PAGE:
In 1901, one
of the first acts of the Commonwealth of Australia was to create a system which
would keep the newly-formed nation white. The legislation was specifically
designed to limit non-British migration to Australia. In Australia, this idea
focused particularly on people of Asian descent, but applied to all non-whites,
including indigenous Australians, who were viewed as a ‘dying race.’  In his
article, It’s All About the Stuff: Collections, Interfaces, Power, and
People, Tim Sherrat, an historian and self-described hacker, turns this
system of rejection and control on its head by making the invisible, non-white
Australians visible through the creation of a database.
administration of what was to become known as the White Australia Policy created
a colossal volume of records, most of which is still preserved within the
National Archives of Australia. In the National Archives of Australia there are
thousands of photographs attached to certificates that non-white residents
needed to get back into the country if they traveled overseas. These certificates
are poignant reminders of the thousands of lives which were tracked and
supervised by the government of Australia.
back some of the control of their lives by having professional photographic
portraits taken, rather than using the standard mug shot style photos, and were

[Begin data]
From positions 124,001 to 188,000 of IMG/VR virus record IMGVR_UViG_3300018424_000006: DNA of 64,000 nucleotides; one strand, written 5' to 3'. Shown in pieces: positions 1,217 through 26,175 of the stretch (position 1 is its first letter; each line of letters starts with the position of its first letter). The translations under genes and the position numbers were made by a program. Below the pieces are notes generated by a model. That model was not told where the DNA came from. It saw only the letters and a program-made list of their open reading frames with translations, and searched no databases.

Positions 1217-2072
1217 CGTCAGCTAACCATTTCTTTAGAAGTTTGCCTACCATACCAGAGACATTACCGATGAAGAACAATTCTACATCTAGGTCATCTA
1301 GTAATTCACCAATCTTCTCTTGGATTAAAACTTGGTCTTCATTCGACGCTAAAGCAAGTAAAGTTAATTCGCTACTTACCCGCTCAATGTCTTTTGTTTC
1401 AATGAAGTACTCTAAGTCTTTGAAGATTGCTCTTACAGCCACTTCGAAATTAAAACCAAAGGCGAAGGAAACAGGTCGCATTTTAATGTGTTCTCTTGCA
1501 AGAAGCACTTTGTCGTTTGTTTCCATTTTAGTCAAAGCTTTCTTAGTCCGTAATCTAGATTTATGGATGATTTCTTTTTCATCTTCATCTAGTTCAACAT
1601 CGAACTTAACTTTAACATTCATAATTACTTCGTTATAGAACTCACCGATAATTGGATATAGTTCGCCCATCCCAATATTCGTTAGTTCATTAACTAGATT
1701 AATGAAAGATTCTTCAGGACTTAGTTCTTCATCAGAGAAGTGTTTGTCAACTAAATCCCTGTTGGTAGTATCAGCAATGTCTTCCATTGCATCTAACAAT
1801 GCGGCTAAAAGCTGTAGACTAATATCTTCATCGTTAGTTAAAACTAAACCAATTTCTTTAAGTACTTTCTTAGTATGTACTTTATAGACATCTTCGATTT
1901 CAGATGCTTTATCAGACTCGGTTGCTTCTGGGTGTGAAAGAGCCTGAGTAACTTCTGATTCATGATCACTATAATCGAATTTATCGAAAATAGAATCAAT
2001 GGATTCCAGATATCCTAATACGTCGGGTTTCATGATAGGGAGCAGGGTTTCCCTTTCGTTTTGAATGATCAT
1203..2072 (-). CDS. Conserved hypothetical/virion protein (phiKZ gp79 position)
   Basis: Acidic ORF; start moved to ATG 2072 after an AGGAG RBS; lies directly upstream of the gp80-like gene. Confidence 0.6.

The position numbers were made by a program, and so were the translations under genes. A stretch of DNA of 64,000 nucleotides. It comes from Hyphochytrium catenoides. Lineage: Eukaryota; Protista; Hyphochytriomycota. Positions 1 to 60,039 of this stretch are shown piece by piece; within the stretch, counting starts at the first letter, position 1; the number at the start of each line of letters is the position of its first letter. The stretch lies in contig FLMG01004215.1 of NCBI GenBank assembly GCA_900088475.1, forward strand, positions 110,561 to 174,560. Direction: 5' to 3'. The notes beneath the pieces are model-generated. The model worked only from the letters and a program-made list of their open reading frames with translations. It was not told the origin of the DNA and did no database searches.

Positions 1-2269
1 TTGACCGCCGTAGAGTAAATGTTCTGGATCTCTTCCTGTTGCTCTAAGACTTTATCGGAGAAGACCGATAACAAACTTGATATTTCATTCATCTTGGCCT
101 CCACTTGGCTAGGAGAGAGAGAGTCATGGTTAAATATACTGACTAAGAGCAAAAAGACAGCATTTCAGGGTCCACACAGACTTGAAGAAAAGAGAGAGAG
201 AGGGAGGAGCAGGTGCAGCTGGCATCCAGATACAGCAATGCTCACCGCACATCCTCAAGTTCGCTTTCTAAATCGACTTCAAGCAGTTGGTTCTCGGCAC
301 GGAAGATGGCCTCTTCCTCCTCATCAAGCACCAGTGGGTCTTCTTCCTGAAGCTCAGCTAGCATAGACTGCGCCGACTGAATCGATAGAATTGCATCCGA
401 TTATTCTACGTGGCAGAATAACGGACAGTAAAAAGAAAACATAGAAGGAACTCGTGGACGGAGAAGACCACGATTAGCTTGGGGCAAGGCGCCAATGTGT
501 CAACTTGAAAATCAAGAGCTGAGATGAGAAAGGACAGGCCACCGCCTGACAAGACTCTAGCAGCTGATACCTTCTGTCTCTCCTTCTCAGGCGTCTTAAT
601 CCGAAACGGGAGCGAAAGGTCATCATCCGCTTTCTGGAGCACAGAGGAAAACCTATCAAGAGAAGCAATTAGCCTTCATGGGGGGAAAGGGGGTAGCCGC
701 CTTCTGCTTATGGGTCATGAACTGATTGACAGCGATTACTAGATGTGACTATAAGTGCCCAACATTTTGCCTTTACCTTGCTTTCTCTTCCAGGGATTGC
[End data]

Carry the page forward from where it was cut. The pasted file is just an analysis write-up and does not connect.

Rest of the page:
able to present themselves instead in a dignified manner. Sherrat has used
facial detection technology to find and extract the photographs from digital
copies of the original certificates made available through the National
Archives of Australia’s collection database. He reverse-engineered the web
interface and created a script that would harvest the metadata and download
copies of all the digitized images.  Thanks to this ingenious technique,
Sherrat built a resource which granted the opportunity to view these certificates
and photos not as records, but as people. He linked the faces he found to the
copies of the original certificates back to the collection database of the
National Archives, effectively constructing a finding aid.
quotes Margaret Hedstrom, a professor at the School of Information at the
University of Michigan, as she describes the archival interface as a ‘site
where power is negotiated and exercised.’ Sherrat asserts that finding aids or
collection databases are the product of conscious design decisions. His hope is
that his database will return a portion of power back to the people within the
records. Sherrat was able to create his database without any assistance from
the National Archives itself. In doing so, Sherrat has managed to shift some of
the power away from the National Archives and to his database which is refers
to as a resource that adds information to the existing archives, but simultaneously
is also a pointed critique of the collection. It is digital technology that has
taken some of the control away from cultural heritage collections and given it
to the public.
I agree with
Sherrat’s statement that recordkeeping systems tend to reflect the structures
and power relations of the organizations that create them. His assertion that
records can find new meanings and power can be reclaimed with technology is
significant when we consider that Nazi records of items confiscated during the